Swap Fresh Carrots With Canned For An Easy Carrot Cake

Carrots are a beloved staple vegetable that tastes delicious raw and cooked in sweet and savory dishes alike. Even vegetable haters can get behind a comforting, sweet, spiced carrot cake that both enhances and transforms their unique and versatile flavor and texture. Carrot cake recipes usually incorporate raw carrots into carrot cake batter by mixing grated carrots into the wet batter for even distribution. However, if you want to save yourself the trouble of grating a bunch of carrots, you can swap fresh carrots with canned carrots for an easy, yet flavorful carrot cake.

Canned carrots are soft, tender, and often very bland as they're preserved in water. Adding them to carrot cake along with sugar and baking spices is one of the best ways to improve their flavor while also eliminating the tedious process of grating them. The only tweak you need to make to a classic carrot cake recipe is blending the canned carrots into the wet ingredients as opposed to adding fresh grated carrots into an already mixed cake batter.

You'll need two or three cans of drained carrots for the swap depending on how intense you want the carrot flavor to be. You'll add them to the wet ingredients to blend with a hand mixer or an electric standing mixer until smooth. Then, simply add the dry ingredients, stirring to combine until you've created a lump-free carrot cake batter.

More tips for canned carrot cake swap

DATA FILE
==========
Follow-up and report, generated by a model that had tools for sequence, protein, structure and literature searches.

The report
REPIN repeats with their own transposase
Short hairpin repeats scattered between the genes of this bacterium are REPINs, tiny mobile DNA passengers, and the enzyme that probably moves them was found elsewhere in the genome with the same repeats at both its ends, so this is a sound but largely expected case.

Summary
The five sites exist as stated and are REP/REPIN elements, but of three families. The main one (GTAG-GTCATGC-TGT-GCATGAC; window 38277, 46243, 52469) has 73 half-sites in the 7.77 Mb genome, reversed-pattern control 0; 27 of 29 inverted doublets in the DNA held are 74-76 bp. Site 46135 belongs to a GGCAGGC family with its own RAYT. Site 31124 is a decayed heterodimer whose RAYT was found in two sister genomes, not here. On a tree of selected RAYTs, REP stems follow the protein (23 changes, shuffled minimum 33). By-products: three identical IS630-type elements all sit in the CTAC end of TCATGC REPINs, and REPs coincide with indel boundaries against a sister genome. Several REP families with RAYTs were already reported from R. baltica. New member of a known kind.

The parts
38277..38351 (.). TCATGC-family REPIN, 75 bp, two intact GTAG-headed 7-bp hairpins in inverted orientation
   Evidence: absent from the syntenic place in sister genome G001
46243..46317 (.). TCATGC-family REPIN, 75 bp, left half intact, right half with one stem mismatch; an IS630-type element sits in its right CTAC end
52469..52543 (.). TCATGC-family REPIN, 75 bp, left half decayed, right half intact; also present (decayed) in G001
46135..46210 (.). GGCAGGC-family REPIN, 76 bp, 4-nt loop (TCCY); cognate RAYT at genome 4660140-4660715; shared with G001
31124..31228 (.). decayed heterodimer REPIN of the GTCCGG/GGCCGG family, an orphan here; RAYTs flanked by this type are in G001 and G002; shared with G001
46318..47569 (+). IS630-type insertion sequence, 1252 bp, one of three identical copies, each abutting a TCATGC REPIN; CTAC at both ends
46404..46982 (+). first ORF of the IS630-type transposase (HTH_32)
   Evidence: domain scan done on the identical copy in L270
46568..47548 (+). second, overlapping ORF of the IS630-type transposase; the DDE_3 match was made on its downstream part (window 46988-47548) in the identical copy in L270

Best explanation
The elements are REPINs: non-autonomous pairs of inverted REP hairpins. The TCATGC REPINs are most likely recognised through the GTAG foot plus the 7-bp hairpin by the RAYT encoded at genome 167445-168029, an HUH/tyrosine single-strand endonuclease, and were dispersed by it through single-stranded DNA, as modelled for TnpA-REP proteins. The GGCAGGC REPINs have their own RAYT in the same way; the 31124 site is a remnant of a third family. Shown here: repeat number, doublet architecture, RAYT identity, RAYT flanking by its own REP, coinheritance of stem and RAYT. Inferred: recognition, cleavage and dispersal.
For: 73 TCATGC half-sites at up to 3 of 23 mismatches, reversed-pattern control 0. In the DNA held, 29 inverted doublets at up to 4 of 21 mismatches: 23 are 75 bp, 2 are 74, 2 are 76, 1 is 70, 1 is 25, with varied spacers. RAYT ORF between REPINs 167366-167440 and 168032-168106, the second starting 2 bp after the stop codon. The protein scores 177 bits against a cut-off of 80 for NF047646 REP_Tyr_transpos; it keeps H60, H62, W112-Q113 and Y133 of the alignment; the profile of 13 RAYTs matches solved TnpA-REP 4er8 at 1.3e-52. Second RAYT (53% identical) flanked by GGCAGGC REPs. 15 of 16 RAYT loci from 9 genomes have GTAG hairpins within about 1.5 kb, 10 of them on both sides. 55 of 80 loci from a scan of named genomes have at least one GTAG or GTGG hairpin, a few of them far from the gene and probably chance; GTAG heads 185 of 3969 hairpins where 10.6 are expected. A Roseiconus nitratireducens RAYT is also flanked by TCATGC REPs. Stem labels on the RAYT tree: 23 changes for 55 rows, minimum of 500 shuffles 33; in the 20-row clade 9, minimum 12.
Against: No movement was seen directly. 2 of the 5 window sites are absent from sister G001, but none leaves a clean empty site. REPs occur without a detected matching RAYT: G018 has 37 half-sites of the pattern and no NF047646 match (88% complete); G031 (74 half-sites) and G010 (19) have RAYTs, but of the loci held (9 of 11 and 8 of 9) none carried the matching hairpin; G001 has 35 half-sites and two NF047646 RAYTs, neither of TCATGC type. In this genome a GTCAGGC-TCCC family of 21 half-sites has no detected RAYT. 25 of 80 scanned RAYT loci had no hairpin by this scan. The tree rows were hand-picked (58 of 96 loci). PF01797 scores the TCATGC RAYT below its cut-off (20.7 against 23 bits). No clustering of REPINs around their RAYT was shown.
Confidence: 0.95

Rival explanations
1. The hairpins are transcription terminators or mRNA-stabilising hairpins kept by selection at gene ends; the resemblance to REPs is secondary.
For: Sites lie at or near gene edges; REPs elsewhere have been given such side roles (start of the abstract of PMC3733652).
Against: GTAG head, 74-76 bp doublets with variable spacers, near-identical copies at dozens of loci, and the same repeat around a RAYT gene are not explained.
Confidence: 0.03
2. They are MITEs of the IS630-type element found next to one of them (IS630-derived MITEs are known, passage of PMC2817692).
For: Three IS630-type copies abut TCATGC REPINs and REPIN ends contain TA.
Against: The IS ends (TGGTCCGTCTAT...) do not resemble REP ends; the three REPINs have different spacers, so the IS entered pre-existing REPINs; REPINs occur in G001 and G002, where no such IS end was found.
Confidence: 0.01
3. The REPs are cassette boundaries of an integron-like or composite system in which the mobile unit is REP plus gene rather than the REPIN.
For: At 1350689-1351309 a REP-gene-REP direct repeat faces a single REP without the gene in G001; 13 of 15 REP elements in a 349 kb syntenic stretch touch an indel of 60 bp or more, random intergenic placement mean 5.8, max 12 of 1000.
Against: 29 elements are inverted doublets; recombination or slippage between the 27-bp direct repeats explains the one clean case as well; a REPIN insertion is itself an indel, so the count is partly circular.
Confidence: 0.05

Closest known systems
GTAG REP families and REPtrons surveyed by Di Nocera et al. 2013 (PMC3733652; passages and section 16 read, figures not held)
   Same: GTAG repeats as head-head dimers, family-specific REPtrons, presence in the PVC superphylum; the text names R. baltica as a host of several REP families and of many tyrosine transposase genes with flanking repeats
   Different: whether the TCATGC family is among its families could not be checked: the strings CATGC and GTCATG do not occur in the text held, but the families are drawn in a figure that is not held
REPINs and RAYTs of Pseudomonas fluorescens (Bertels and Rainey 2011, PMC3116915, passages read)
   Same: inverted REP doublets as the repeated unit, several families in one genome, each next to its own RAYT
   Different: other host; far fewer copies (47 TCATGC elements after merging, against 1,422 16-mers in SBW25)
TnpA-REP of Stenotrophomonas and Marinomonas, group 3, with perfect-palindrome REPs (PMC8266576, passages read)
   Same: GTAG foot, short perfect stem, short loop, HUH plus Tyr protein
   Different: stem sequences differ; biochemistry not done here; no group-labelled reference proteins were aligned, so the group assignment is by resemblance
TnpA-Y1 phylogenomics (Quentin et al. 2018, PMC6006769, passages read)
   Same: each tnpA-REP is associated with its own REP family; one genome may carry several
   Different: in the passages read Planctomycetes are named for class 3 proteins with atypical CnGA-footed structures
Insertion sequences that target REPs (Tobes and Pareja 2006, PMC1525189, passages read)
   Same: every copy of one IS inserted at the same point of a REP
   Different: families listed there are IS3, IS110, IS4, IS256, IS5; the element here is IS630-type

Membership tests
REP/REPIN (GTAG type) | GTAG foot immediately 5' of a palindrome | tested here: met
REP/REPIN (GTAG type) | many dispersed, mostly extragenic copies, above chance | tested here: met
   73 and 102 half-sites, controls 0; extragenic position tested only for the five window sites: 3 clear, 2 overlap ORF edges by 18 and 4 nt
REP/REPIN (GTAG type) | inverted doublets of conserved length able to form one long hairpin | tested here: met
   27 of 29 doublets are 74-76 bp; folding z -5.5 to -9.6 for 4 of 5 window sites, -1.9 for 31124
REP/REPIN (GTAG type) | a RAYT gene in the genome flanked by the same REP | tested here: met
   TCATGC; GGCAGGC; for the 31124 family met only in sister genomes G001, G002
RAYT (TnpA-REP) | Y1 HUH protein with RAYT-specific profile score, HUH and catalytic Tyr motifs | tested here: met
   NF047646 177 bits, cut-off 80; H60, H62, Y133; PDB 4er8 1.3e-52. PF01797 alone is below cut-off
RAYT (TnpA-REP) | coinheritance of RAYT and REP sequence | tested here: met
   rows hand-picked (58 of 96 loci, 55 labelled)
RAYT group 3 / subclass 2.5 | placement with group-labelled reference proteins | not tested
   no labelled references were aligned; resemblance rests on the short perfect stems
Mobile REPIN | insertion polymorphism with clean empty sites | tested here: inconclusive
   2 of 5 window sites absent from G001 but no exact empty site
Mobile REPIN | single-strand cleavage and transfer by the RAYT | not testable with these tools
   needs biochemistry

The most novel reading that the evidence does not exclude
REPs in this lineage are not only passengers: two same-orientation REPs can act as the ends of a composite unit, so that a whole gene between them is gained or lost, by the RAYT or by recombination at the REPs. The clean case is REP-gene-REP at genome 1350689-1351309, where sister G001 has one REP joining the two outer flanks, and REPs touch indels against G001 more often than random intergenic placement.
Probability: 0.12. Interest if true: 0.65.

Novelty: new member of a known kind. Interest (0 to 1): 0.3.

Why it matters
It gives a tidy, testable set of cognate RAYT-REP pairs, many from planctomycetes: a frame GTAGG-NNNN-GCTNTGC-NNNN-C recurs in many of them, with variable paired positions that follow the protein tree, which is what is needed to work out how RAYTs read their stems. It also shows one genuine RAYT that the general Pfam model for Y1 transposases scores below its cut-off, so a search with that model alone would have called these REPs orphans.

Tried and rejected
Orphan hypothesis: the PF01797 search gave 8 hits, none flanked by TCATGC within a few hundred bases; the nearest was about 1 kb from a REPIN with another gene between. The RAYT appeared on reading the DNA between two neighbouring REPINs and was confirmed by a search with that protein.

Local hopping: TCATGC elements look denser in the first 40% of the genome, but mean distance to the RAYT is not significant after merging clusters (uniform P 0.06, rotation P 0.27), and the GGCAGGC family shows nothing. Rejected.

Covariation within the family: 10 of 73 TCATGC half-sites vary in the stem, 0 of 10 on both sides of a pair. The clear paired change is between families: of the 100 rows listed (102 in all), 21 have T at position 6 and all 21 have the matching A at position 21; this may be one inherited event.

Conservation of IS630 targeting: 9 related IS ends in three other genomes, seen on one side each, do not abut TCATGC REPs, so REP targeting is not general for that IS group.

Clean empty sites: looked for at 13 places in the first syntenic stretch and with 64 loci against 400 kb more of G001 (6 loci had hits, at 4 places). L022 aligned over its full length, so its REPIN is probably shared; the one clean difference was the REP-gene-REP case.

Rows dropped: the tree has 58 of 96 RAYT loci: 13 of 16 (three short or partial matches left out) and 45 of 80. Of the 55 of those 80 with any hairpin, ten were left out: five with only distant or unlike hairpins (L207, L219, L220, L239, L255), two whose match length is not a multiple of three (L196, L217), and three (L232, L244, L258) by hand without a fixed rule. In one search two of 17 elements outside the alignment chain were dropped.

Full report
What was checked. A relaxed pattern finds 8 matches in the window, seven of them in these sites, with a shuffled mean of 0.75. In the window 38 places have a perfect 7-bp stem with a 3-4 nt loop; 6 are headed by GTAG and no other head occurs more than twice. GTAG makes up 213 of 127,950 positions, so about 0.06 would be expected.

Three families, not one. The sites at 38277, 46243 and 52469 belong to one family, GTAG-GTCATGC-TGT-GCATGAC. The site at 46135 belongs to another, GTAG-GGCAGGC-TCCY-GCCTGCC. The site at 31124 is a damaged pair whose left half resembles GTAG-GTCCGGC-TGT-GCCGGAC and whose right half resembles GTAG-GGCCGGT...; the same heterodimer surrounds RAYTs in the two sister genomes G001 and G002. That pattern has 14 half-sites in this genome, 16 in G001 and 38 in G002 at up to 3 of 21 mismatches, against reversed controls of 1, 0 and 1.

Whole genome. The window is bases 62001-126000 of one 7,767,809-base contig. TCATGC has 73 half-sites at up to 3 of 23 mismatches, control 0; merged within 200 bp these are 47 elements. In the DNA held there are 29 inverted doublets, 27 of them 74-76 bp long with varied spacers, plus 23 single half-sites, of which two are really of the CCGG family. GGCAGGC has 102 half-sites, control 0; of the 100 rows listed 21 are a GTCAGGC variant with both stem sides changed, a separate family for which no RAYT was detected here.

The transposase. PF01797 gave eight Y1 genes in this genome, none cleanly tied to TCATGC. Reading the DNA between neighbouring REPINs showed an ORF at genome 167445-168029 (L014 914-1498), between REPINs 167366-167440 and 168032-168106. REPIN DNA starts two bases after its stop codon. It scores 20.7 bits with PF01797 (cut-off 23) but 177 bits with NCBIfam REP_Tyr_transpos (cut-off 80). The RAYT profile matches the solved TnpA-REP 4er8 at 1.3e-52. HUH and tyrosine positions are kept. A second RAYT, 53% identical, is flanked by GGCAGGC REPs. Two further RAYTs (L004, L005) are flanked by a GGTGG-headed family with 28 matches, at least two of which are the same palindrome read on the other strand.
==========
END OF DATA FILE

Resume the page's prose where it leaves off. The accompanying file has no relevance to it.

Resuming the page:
Canned carrots make a great swap for raw carrots in terms of flavor but they lack that shredded texture we usually associate with carrot cake. For some, this is a welcomed change, but if you still want a shredded element, you can add shredded coconut to the batter instead. Chopped toasted pecans and drained crushed pineapple would round out the textural contrast with crunch and juiciness respectively. This orangey carrot cake recipe from Tasting Table incorporates orange zest into the batter for a citrusy complement that would work well with tangy and sweet pineapple. Other unconventional ingredients like ginger would brighten the batter with a spicier kick than cinnamon alone. 

Even without crushed pineapple, carrot cake is incredibly moist, so be sure to line your baking pans with parchment paper for easy removal. Greasing the pans should also do the trick. However, if the cake won't easily slide out of the pan after cooling it, you can flip the pan onto a cooling rack and let gravity slowly pull the cake down. Even if a bit of cake is stuck to the pan, you can easily camouflage an uneven cake under a smooth slather of cream cheese icing — just ensure that the cake has cooled completely before icing it. Otherwise, the pan won't be the only thing that pulls your cake apart!